By Adia Wynter
Former UPP Prime Minister Baldwin Spencer is apparently saying ‘thanks, but no thanks’ to Prime Minister Gaston Browne’s offer of a knighthood in this year’s Independence Day honours.
Information Minister Melford Nicholas told a press briefing yesterday that Cabinet had been discussing bestowing the prestigious honour on Dr Spencer to commemorate his many years of service to the nation.
“We are in discussions with the former prime minister through the office of the Attorney-General, and once we have concluded those, the official nomination will be made for consideration, and hopefully it could be as soon as this year’s Independence celebrations,” Minister Nicholas said.
However, UPP political leader Harold Lovell told Observer that Dr Spencer, after being approached, had requested time to consider the offer.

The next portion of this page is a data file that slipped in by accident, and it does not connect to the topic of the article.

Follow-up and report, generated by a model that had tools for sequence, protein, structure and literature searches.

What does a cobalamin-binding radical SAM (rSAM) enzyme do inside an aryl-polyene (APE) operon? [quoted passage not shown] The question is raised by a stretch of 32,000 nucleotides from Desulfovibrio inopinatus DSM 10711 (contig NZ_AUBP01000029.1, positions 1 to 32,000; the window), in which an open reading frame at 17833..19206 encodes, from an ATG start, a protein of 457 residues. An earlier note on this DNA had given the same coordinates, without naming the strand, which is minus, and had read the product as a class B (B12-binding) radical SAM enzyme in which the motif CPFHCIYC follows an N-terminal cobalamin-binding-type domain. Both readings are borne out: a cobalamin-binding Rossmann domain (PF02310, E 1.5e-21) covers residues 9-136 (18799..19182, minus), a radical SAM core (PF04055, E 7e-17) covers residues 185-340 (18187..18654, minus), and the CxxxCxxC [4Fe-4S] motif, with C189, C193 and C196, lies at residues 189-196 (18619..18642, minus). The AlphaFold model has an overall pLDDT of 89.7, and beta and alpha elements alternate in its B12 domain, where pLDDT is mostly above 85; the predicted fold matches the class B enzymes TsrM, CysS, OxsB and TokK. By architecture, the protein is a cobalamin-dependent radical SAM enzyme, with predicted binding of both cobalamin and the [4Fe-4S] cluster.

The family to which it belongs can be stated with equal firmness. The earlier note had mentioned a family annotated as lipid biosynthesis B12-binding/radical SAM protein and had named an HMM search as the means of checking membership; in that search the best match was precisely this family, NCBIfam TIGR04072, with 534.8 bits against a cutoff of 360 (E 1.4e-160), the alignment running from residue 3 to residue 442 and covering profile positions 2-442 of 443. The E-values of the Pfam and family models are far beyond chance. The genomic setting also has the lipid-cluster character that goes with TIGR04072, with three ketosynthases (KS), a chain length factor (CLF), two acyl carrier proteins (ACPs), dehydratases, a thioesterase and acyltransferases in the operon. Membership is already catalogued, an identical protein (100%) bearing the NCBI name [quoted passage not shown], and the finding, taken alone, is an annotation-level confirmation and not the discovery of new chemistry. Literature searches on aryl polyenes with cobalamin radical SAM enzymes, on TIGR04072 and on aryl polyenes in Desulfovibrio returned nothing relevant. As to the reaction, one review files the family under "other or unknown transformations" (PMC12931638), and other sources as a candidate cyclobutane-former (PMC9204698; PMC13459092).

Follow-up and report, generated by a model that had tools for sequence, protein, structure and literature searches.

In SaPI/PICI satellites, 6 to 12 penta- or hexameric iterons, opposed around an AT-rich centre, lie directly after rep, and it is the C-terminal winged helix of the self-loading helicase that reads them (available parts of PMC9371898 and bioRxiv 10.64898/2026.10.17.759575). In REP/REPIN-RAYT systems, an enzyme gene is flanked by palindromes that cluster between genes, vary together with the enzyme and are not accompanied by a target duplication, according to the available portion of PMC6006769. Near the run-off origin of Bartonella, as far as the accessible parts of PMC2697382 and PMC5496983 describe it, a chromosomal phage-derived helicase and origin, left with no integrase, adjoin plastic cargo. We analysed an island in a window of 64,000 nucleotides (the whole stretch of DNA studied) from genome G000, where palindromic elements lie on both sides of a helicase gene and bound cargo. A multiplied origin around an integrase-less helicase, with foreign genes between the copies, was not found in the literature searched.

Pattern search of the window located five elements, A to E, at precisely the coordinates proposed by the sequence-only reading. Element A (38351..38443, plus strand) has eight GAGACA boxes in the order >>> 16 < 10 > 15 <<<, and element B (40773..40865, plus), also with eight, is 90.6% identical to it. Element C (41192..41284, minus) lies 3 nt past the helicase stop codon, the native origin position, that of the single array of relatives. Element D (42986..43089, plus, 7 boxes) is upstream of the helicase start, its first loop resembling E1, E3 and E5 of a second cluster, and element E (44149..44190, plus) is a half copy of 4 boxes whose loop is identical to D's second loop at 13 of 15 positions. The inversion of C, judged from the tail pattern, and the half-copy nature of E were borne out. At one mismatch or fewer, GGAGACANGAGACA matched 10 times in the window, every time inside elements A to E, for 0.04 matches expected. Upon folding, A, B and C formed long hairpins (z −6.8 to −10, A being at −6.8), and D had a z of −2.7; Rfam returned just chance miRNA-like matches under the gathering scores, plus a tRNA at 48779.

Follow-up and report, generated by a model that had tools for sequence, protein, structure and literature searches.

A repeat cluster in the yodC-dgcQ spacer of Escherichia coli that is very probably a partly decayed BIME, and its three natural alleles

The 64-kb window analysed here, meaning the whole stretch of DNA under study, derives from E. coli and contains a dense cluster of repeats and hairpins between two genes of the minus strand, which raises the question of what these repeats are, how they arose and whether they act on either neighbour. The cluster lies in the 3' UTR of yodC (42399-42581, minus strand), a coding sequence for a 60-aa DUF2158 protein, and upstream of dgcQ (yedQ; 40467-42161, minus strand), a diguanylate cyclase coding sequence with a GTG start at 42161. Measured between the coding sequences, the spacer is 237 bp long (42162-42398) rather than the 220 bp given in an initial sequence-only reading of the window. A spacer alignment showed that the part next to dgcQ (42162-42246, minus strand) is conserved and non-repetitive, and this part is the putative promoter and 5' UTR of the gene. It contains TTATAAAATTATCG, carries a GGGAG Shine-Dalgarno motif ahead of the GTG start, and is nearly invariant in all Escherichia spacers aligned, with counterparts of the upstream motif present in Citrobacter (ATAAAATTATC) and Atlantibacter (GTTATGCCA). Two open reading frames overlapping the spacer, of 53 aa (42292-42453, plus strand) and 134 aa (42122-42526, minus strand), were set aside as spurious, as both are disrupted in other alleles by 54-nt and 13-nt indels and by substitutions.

Spencer has reportedly decided, however, that despite the honour being well-earned, he will not be able to accept it for personal reasons.
The former UPP Prime Minister spoke briefly with Observer on Thursday morning, and said he was in the process of putting his decision in writing to PM Browne.
Spencer was the first political leader of the United Progressive Party, holding the title of third Prime Minister of Antigua and Barbuda. He was also parliamentary representative of St John’s Rural West, having been elected five successive times from 1989 until 2014.
After serving his sixth unbroken term in the House of Representatives in 2018, Spencer said goodbye to the House with his retirement from elective politics.
Had he not declined the knighthood, Spencer would have joined several politicians – both former and active – who also hold the prestigious title such as former Prime Minister Sir Vere Cornwall Bird Sr, Sir George H Walter and Sir Robin Yearwood.
There were also suggestions in recent months of a knighthood being given to Minister of Health, Molwyn Joseph. PM Browne told Pointe FM in June that he planned to recommend Joseph for the honour.